What software do logo designers use
What software should I use for logo design?
If you are new to the world of logo design, one of the most important decisions to make is what software to use for the job.
In this series of quick tips, we'll look at some common design scenarios and how to find the most suitable software program for your project.
Do you have a logo to create? Read on to discover some of the best tools in the business ...
What software should I use to design a logo?
Logos may look simple, but your creative ideas can really disappoint if you don't choose the best software for the job.
Logo designers each have their own preferred design process. Many prefer to work with hand-drawn motifs, scan them into the computer and digitize them from there. To make a logo flexible and editable, as well as easy to scale, you'll always have a happier client when you create a vectorized logo. These are the best software options for creating this vector design:
Option 1: Adobe Illustrator
The design & illustration team here at Tuts + is no stranger. Illustrator is a firm favorite with vector artists, and it's also a very versatile, intuitive program for creating graphic-based logos.
Illustrator is a vector graphics and illustration program ideal for creating logo designs from scratch, or you can work with scanned designs by placing them on an artboard and using them Image tracking Panel.
The main advantage? Illustrator is an advanced vector program that feels simple and intuitive. From simple monochrome designs to more complex 3D-style logos, Illustrator handles both equally. The program's color management features are fantastic too.
The disadvantage? When working with scanned documents that have been tracked, some of the properties of the original design may be lost. However, this can result in a more polished logo design so both an advantage and a disadvantage can be seen.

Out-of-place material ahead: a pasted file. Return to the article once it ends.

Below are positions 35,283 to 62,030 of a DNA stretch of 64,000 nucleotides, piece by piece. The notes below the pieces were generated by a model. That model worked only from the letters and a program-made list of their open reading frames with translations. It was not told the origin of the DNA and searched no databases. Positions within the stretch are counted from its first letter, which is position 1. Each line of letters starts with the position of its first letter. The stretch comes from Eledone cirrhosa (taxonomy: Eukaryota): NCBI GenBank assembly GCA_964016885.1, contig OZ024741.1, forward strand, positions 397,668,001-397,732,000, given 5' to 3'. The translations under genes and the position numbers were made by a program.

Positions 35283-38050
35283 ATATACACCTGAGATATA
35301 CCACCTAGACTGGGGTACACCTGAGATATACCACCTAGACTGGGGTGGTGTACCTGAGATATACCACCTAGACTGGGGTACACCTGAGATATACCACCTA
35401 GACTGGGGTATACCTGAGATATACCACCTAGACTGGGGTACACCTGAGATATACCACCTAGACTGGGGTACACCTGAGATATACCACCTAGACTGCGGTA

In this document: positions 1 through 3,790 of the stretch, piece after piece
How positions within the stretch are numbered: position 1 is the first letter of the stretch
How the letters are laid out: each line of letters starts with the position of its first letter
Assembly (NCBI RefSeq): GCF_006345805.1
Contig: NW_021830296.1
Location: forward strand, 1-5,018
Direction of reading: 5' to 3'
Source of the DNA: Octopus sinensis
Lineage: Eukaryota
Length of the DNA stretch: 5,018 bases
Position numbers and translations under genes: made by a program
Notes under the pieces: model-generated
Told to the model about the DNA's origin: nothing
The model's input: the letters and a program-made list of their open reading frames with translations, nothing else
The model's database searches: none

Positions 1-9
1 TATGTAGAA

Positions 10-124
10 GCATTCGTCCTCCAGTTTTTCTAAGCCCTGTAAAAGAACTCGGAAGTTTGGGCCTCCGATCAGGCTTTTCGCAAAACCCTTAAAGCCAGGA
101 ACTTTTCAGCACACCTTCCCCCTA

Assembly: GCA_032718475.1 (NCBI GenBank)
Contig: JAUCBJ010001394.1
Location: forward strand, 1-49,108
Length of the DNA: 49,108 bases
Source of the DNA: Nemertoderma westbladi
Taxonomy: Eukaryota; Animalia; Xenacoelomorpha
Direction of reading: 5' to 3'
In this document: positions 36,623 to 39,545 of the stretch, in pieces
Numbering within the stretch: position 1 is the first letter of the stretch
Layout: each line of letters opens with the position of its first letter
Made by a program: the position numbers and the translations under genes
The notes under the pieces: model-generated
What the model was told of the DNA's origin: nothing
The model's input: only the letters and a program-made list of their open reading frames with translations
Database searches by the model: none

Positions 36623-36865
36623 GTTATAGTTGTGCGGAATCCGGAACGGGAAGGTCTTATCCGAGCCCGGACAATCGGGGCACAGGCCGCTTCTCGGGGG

Option 2: CorelDRAW
CorelDRAW is a mainstream competitor to Illustrator and is a great alternative. It generally feels easier to get started with, and it lacks the bells and whistles that come with Illustrator CC. This makes it a solid choice for anyone new to vector or logo design.
A large number of logo designers are still loyal to Corel and love the ease of use and straightforward demeanor it brings to the vector market.
The main advantage?CorelDRAW is a cheaper alternative to Illustrator and you will have no problem creating most logo designs.
The disadvantage? Some Illustrator fans would argue that CorelDRAW lacks sophistication and advanced features, and you will find that most design and branding agencies are loyal to Adobe products.
Option 3 (The Curveball): Adobe InDesign
InDesign? For logos?
While it's not the common choice for designing logos, if your logo is type-based rather than graphic-based, InDesign is great for editing advanced-level typography.
Take a look at this tutorial on creating type logos to get your creative juices flowing!
The logo design process consists of two parts.
First you need to be creative and design your logo. This part of the process is primarily down to personal preference. Prefer to hand-draw and then draw your logo afterwards (illustratoris a good choice for this), or do you want to create your lettering logo from scratch and have more flexibility with typographic effects (see InDesign to help you out here).
The last part of the process is where the software selection becomes really important. In this case, you create a final version of the logo in a format that is easy to use. No customer wants an inflexible JPEG logo. You want to be able to edit and scale a vector version. With that in mind, it's best to turn to a vector program like illustrator or Coreldraw to finalize and export your logo.
As long as you can gravitate your draft designs into a vector program, there is no right or wrong way to create a logo! And if you need inspiration, Envato Market has a huge collection of logo designs.
We'd love to hear your thoughts and find out your personal software settings for logo design. Are you an Adobe lover or do you prefer to use CorelDRAW easily? Are you an advocate of showing hands before digitizing? Do share your thoughts in the comments below!
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